What Are Very Large Gas Carriers (VLGC)

What Are Very Large Gas Carriers (VLGC) - Merchant Navy Info - Blog

VLGC are the future of energy. As the world looks to more clean sources of fuel. It is important to be able to transport these sources from large fields and deposits. Fuel is shipping to energy deficient countries.

Increasing demands on the liquified gas fuels have usually posed a challenge, owing to the limited sizes of most gas carriers.

Very Large Gas Carriers (known as VLGC vessels) are a sub-group of generic gas carriers that target a much higher volume of gas transport.

The most commonly moved gas is LNG. Petrol reserves have LNG deposits. Also, hydrocarbon deposits are home to LNG reserves.

These VLG Carriers are in a position to load anywhere between 100,000 cubic meters to 200,000 cubic meters of gas on these large tanks.

In this blog, we will take a look at the construction, mae and layout of a classic VLGC vessel.

Construction of VLGC Vessels

To build big ships that are able to move large quantities of volatile gases, it is important to check various safety aspects of the carriers. In addition, since we are working with gases and liquids which are harder to move, there must be proper loading and unloading mechanisms.

While solids can smoothly be moved with cranes, liquids and gases have to be drained completely at the port of letting it out. Any residual substances can pollute or harm any incoming cargo.

VLGC vessels are normally around 250-300 meters long, and house anywhere from four to six storage tanks moving along the centerline.

The VLGC designs mechanism double bottom structure and an additional side shell in some carriers. The purpose behind having several hulls is that it is possible to limit a leak, while also giving room for the vital components of the ship.

Loading and Unloading Operations

Each tank is of several meters in length, and so needs two main pumps for loading or unloading the bulk of the cargo. The aforesaid pumps hang down from the top of the tank till the bottom.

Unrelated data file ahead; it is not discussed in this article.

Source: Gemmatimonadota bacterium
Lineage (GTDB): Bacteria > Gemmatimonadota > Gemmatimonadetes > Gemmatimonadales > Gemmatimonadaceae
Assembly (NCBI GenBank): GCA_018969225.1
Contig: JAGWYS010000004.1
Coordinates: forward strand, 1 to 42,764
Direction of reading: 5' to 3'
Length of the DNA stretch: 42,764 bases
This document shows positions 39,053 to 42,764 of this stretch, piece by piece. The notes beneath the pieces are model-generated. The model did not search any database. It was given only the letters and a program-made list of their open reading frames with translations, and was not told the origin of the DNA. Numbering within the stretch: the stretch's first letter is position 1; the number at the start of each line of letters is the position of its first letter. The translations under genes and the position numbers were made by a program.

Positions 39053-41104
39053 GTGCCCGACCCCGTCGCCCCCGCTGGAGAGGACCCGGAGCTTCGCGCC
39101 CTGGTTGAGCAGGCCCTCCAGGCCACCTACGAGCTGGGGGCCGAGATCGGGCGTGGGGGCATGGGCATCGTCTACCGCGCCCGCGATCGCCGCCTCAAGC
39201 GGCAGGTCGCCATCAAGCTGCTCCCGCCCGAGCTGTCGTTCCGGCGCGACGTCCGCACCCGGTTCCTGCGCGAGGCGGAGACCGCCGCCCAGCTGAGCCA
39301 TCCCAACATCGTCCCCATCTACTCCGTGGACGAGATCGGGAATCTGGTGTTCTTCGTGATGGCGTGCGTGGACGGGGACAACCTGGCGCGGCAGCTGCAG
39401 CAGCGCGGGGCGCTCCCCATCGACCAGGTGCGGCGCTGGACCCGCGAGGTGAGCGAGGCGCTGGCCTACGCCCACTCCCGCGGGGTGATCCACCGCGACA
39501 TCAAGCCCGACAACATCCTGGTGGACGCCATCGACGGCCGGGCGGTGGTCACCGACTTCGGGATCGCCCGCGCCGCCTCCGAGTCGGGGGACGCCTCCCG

The spray pump can also be good to collect the part of the LNG or CNG that evaporates for the aim of running the marine engines. Thus, the spray pump plays a great role, as it is able to convert some part of the cargo into viable fuel for the ship. The pump tower also is home to important material and telemetry units that gauge the cargo levels, temperature and general pressure.

The spray pumps also collectively release the vaporized cargo.

The process of cargo loading also unloading is done in several steps to ensure that safety regulations are obeyd. Also, if not properly monitored stuff on board the ship can cause damage.

The first step prior to approaching a port or transport place is for the tanks to be emptied of any remaining oxygen. O2 is a super volatile gas that easily combusts, particularly in the presence of substances such as LNG or CNG.

Process at the earliest

However, over the safe limit, is transported to a compressor machine in the port, so that any left over hydrocarbons can be properly disposed of. As these materials are highly volatile, it is critical to process them as soon as possible.

The next part in the loading process is “cooling-down”. only cool tanks can hold LNG.

Common Cargo and Safety Precautions for VLGC

. Also, this places the shipping companies in a one-of-a-kind position when it comes to logistics.

However, during the return, the ship is not able to move any goods and faces a loss. Also, without any cargo, the ships sits considerably high in the water and has to rely on the ballast systems to keep it set. Thus, shipping agencies often use VLGC vessels to transport various gases as well, so as to increase their profits.

VLGC protocols

The issue with moving such cargo are that noxious fumes pose a major safety hazard. In addition, chemical exposure also leads to a serious problem. Chemicals for instance ammonia or vinyl chloride can result in horrible and long term damage with even the smallest of exposure.

In general, VLGC carriers are super safe when it is about the hazard of spillage.

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